As an importer you have a few options in terms of repaying the loan. Often inventory finance involves a fixed term repayment that begins after you receive the goods and start selling. If you have a proven business record, some providers may allow you to nominate a term of repayment.
In addition to the legal issues involved with a sole distribution agreement, you may need to clarify who is liable for the product when it reaches the consumer. Most often, after-sales service is the responsibility of the importer bar exceptional circumstances, for example, a luxury watch company may require that a certified repairer in the country of origin conduct warranty repairs.
Other situations are not so
clear and you will need to set out the procedure for dealing with circumstances involving faulty items. This will determine whether faulty items come under Australian law or the law of the supplier country, and whether you have the right to financial compensation in the event that you need to recall the item from sale.
Keep in mind that this is just a basic guide to importing and that you will still need to do your research in terms of finding the right supplier and understanding Australian trade legislation to profit from importation. See our list of contacts that can assist you in understanding import trading in more depth.
Find out more about importing, accreditation, customs and freight.
Custom Brokers and Forwarders Council of Australia (CBFCA)
The CBFCA website has a directory of members–customs brokers, freight forwarders and other professionals in the industry.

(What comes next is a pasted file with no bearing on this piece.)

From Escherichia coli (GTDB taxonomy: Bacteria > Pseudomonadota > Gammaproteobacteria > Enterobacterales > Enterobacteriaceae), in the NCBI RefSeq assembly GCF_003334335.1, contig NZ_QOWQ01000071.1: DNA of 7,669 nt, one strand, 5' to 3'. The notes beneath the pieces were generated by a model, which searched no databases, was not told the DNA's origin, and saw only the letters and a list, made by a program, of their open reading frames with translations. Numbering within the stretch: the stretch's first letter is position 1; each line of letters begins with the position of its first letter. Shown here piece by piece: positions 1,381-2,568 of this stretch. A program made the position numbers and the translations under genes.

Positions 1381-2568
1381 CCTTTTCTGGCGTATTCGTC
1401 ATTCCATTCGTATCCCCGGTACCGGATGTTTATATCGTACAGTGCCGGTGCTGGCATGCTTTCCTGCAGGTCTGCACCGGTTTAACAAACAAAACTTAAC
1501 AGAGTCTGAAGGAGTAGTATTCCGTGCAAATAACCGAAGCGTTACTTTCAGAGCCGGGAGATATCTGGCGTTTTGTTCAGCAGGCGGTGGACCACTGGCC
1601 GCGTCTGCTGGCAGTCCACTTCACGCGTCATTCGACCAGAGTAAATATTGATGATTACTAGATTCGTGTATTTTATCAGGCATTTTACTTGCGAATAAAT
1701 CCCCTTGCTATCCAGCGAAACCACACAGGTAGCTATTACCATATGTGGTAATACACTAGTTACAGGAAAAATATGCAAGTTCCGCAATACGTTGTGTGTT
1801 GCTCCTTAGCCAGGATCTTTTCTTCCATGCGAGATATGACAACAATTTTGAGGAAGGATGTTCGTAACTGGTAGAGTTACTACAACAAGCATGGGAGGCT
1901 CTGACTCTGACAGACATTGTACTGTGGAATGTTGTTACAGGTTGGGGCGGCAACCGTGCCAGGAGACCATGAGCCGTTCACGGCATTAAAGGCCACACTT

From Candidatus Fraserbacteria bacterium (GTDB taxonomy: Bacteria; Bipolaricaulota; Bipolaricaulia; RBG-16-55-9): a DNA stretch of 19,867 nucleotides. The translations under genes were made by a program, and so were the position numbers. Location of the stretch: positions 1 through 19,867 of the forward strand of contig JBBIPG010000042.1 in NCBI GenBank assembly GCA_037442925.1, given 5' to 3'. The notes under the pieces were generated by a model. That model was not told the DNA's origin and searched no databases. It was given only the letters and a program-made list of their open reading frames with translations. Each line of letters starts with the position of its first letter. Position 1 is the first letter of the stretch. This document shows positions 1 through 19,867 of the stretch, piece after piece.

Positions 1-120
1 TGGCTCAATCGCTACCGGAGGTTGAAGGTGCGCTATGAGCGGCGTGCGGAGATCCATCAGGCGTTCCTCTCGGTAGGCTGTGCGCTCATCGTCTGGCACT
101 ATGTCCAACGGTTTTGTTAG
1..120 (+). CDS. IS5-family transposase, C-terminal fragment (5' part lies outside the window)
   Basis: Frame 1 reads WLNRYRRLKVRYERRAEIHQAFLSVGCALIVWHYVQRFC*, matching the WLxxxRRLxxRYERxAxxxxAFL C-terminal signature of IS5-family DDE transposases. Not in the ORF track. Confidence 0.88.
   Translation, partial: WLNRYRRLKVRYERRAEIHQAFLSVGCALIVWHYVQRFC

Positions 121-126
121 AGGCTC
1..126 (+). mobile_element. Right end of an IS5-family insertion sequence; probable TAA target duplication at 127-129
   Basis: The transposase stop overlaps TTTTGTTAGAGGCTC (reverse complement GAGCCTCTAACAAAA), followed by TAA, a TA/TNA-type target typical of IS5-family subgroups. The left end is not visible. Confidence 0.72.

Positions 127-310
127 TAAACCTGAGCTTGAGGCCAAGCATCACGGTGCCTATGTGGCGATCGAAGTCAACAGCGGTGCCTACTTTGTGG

Phone: (07) 3252 1348
Australian Federation of International Forwarders (AFIF)
AIFI members are international forwarders or companies and employees that provide ancillary services to forwarders.
Phone: (02) 9314 3055
The Australian Freight Councils Network
Hosted by the Department of Transport and Regional Services, this network is a portal for freight councils, government and non-government, around Australia.
Food Standards Australia New Zealand (FSANZ)
This agency sets and regulates food standards in Australia and New Zealand.
Phone: (02) 6271 2222
Joint Accreditation System of Australia and New Zealand (JAS-ANZ)
The JAS-ANZ website has a register that allows you to search for accredited regulatory bodies.
Phone: (02) 6232 2000
Logistics Association of Australia (LAA)
LAA members specialise in logistics and supply chain management.
Phone: 1300 651 911
Develops and recommends standards applicable to products available in Australia.
Phone: (02) 9237 6000
Tradegate is a non-profit organisation whose members specialise in international trade and transport e-commerce.
Phone: 1300 552 393
Australia Customs Service
Australian Quarantine and Inspection Service
(under the Department of Agriculture, Fisheries and Forestry
Australian Trade Commission (Austrade)
Your state government may also have a ‘trade’ or ‘import’ section as part of their online business services guide.
What is Tradex?
Tradex is a government-run import scheme that gives importers an upfront exemption from customs duties and GST if the product they import is intended for later export. The aim of the scheme is to encourage Australian business exports while recognising that businesses may need to import some elements of their product from overseas.
There are a few prerequisites to attain Tradex eligibility, namely that the imported goods must be exported or used in manufacturing other goods to be exported and that exportation must take place within a year of importation or within a period pre-approved by AusIndustry. A company that breaches these conditions by discarding or selling the imported goods without exporting them will be liable to pay the relevant duties and GST.
Visit the AusIndustry website (www.ausindustry.gov.au ) for more details or request an information kit by calling 13 28 46 or emailing email@example.com.